VENICE, Italy (AP) — The Venice Film Festival is buzzing with anticipation for Olivia Wilde’s “Don’t Worry Darling,” which makes its world premiere Monday night at the Lido.
There’s anticipation for the film itself, a mid-century psychological thriller with an all-star cast including Florence Pugh, Harry Styles and Chris Pine. There’s also the arrival of Styles, whose otherworldly reputation and following may bring on the fury of Timothée Chalamet on Friday they look completely graphic.
But it seems the most anticipated event is the film’s press conference on Monday evening. Behind-the-scenes drama rarely extends beyond insider industry gossip, but the question of what exactly went into the making of “Don’t Worry Darling” has become a source of worldwide intrigue. Rumors about everything from Shia LaBeouf leaving the film early to Pugh’s perceived lack of public support for the project on her social media accounts have been simmering on TikTok and twitter for some time now.
Wilde herself also became popular in the tabloids after the paparazzi caught her off-screen relationship with Styles. And then there was the CinemaCon moment, in which Wilde received custody papers from her ex, Jason Sudeikis, during a presentation about her film on stage in front of thousands of industry professionals and theater owners.
Then, in the last few weeks, all the little threads seemed to catch fire at once. Much of it was fueled by LaBeouf, who came out of the woodwork to dispute a two-year narrative that he had been fired from the project. Ultimately, the role went to Styles.
Wilde, in a Variety cover story, is not directly mentioned as having fired him. She offered: “His process was not conducive to the ethos I require in my productions. It has a process that somehow seems to require a combative energy and I personally don’t think it’s conducive to the best performances.”
In response, LaBeouf sent private emails, text messages and videos to Variety to prove his case that he did indeed quit due to a lack of rehearsal time. The video message, in which he tries to convince LaBeouf to stay on as Jack, was then leaked online.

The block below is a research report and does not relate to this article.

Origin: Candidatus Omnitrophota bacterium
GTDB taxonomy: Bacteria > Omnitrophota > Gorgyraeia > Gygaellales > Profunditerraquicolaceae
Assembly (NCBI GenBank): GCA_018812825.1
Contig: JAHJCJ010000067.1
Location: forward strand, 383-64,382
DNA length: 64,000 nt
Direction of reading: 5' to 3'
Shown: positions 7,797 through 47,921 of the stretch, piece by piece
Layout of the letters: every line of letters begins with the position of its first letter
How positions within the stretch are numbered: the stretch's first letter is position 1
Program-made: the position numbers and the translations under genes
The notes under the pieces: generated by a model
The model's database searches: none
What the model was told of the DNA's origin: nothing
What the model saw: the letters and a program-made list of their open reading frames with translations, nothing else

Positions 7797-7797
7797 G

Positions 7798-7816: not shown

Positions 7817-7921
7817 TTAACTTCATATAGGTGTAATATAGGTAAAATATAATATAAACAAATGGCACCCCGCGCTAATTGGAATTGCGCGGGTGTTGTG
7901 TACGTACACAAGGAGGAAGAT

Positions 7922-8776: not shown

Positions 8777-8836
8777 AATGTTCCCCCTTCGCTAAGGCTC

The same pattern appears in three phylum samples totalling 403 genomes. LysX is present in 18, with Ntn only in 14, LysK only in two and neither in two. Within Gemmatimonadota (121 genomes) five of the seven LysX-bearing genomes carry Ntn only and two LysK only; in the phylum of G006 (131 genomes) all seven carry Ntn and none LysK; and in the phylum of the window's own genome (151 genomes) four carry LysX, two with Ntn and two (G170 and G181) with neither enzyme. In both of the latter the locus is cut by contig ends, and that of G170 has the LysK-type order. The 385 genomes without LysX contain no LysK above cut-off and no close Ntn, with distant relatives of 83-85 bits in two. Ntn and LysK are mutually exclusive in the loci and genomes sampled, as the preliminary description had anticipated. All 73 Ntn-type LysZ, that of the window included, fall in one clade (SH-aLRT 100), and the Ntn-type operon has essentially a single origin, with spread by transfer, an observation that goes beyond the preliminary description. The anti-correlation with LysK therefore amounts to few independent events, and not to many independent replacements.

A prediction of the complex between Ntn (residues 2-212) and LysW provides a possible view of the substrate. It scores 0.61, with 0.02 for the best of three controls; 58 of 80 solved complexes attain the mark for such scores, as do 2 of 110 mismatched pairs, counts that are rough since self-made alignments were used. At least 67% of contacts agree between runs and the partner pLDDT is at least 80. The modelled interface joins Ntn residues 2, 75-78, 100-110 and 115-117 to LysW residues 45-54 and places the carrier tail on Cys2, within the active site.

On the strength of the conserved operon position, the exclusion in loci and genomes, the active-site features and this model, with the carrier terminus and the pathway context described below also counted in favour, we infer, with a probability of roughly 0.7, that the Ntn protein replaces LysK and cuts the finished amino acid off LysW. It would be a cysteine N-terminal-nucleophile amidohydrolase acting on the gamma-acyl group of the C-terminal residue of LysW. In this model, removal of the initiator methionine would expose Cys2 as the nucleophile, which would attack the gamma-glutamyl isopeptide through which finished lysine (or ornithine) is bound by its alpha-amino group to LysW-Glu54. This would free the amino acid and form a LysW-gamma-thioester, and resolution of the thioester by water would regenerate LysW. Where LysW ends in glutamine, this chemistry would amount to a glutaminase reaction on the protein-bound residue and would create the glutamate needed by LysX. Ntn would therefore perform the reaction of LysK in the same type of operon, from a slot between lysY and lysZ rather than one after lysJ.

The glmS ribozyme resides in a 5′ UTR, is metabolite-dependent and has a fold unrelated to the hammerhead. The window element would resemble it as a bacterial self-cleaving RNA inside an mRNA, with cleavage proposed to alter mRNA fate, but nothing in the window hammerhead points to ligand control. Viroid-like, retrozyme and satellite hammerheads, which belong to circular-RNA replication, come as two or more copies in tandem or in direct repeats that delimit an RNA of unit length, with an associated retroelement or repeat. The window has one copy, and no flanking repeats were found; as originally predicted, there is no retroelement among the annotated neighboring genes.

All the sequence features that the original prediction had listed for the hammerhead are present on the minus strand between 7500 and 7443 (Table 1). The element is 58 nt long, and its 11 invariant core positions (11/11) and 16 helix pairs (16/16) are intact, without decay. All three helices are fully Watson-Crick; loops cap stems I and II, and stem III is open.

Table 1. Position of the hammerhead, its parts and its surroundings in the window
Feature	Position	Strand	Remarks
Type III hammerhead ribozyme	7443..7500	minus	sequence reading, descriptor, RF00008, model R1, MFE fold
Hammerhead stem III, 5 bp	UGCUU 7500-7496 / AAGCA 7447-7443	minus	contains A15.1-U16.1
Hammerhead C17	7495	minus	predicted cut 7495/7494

LaBeouf, who will go to court next year over allegations of abuse by his ex, FKA twigs, also happens to be in Venice this year with the movie “Padre Pio.”
The leaked video also showed Wilde calling Pugh “Miss Flo,” which some saw as confirmation that the two were not on good terms. Wilde, for her part, was anything but intuitive about her lead role. In an interview with the Associated Press he spoke at length about Pugh’s extraordinary talent, saying that what she did with the role was “absolutely brilliant” and that the character of Alice is a “heroine for the ages”.
However, questions have been raised as to why Pugh hasn’t posted much about the film on her Instagram. He didn’t hype the trailer, nor did he say anything about the Venice entry. Adding fuel to the fire, The Wrap then reported that Pugh would limit her press appearances surrounding the film to Venice only. And on Sunday night, Variety broke the news that Pugh would not be attending the press conference either due to her tight travel schedule and her shift.
Pugh is in the middle of production on “Dune 2,” a huge blockbuster (also a Warner Bros. joint) and is expected to return immediately after her Venice duties. Chalamet, her “Dune 2” co-star, had a similarly short stay in Venice for his film “Bones and All.” It’s likely to be the only appearance he’ll make on behalf of this film, but no one wrote headlines about Chalamet “limiting” his press commitments.
The hope is that the press conference will answer or clarify lingering questions, shift attention back to the film itself, and maybe even generate more excitement for its release in theaters on September 23rd.
“This film is my love letter to films that push the limits of our imagination. It’s ambitious, but I think we’ve made something really special,” Wilde wrote in her director’s statement. “Imagine a life where you had everything you wanted, what it would take to give it up… Are you willing to dismantle the system designed to serve you?
Regardless, one thing’s for sure: Everyone’s talking about “Don’t Worry My Love.”
Follow AP film writer Lindsey Bahr on Twitter: www.twitter.com/ldbahr
For more on the Venice Film Festival, visit: www.apnews.com/VeniceFilmFestival